I realized that my desire to understand the characteristics and personalties of our ancestors and tell a story about the lives and times of the Titchenal line could not be realized unless our ancestors (both mother and father) could be placed into historical events. Nor could The Titchenal Saga be written or be complete until it included information on all our the lines back to Martin Tichenor (Tichnell) and his wife Mary Charles in 1644.
I soon found trying to tie our family into the history of America and learn something about their personal lives necessitated looking for and reading the history of each local town or village where my ancestors lived. This was very difficult and time consuming. But the work was satisfying and expanded my thoughts and understanding of American History.
The interest expressed by several of our ancestors in the Masonic movement in America caused me to include an explanation of the Masonic movement in the book. All of this reading only increased my determination to add as much as possible to the Titchenal Saga.
It has been very difficult to know where to stop. In fact during the last few months, cousins that I have been out of touch with for many years have written to tell many new stories, some of which I have added, but if the Saga is ever to be published, stop I must. I hope my readers are not disappointed, or find the written information and conclusions; contrived, lengthy or boring
I have noted within the text of the Saga, each of the various history reference books and local village promotional pamphlets used. Many of the photos and sketches are from the same sources The sketches of Santa Ana in 1877 and obituaries are from old newspapers and the family Bible saved by my grandmother Alice Titchenal and my mother Dora Titchenal.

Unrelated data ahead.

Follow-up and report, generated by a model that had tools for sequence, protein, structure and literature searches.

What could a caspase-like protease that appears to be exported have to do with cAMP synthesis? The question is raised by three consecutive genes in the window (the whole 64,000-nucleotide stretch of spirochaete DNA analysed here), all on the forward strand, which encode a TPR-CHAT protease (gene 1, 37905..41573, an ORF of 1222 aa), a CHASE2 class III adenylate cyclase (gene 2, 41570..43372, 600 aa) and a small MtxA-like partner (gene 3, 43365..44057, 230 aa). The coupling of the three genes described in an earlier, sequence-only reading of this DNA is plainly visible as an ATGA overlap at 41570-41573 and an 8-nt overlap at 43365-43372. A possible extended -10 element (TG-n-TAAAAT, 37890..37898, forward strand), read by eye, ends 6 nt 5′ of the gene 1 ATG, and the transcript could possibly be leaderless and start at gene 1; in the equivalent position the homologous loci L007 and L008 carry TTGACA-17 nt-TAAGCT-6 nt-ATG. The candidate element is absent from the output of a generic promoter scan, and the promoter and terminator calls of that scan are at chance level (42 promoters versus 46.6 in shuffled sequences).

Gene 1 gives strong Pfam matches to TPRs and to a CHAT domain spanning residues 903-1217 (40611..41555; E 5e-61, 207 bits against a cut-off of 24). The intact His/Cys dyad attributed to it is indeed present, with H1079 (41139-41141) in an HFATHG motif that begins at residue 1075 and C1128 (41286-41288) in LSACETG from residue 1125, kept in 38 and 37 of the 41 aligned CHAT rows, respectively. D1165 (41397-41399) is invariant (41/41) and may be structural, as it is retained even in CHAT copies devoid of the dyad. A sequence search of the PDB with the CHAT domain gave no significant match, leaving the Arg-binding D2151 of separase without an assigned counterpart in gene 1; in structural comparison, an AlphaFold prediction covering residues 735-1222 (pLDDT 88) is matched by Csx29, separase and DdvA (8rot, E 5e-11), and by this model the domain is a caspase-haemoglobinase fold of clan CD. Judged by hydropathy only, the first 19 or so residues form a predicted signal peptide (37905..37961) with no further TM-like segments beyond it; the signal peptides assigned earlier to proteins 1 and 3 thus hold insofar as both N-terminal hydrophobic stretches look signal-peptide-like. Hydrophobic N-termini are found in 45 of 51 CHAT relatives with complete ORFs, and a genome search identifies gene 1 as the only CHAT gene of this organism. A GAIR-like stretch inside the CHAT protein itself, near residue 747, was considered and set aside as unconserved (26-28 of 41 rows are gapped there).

Most of the locations, dates and etc., I used in this Saga came from Harold Tichenor's book. As he made extensive notations of where the information was obtained, I did not include notes about my reference information unless it was different or from other sources. I have tried to be as accurate as possible with the dates, names and information included in the story, but if you note errors please let me know.
William Strass and Neil Howe in their book, "Generations" posit the history of America as a succession of generational biographies, beginning in 1584 and encompassing everyone through the children of today. their theory holds that each generation belongs to one of four types, and these types repeat sequentially in a fixed pattern. This vision suggests one can plot a recurring cycle in American history--a cycle of spiritual awaking and secular crises--from the founding colonials through the present day and into the millennium.
It is not the purpose of this saga about the Titchenal family during the same generational periods to prove or disprove their theory. It is however, interesting to use their profile of each generation in America and compare it with the actions of our ancestors of the same generation. Strass and Howe's brief, but complete, outline of each particular period of American history. permitted me to provide myself and the reader historical background useful to project ourselves into the time period of each ancestor.
In as much as none of our ancestors left journals or letters to provide us with information about what they thought or why they took a specific action, it was necessary to use the book generations along with other history books to provide background period information to speculate about each ancestor.
Last but not least, I am grateful for the understanding, encouragement, help and support given to me by my wife Mary, my sons Stephen, Douglas and Jeffrey, and the drawings made by my brother, Charles Donald, while I was writing this saga. In particular I appreciate the editing help given by my daughter-in-law Aynn (Kilburger) Titchenal.
In spite of Aynn's many hours of editing, I have added last minute changes, even chapters which have not been edited, so I must take full responsibility for the final editing of this book.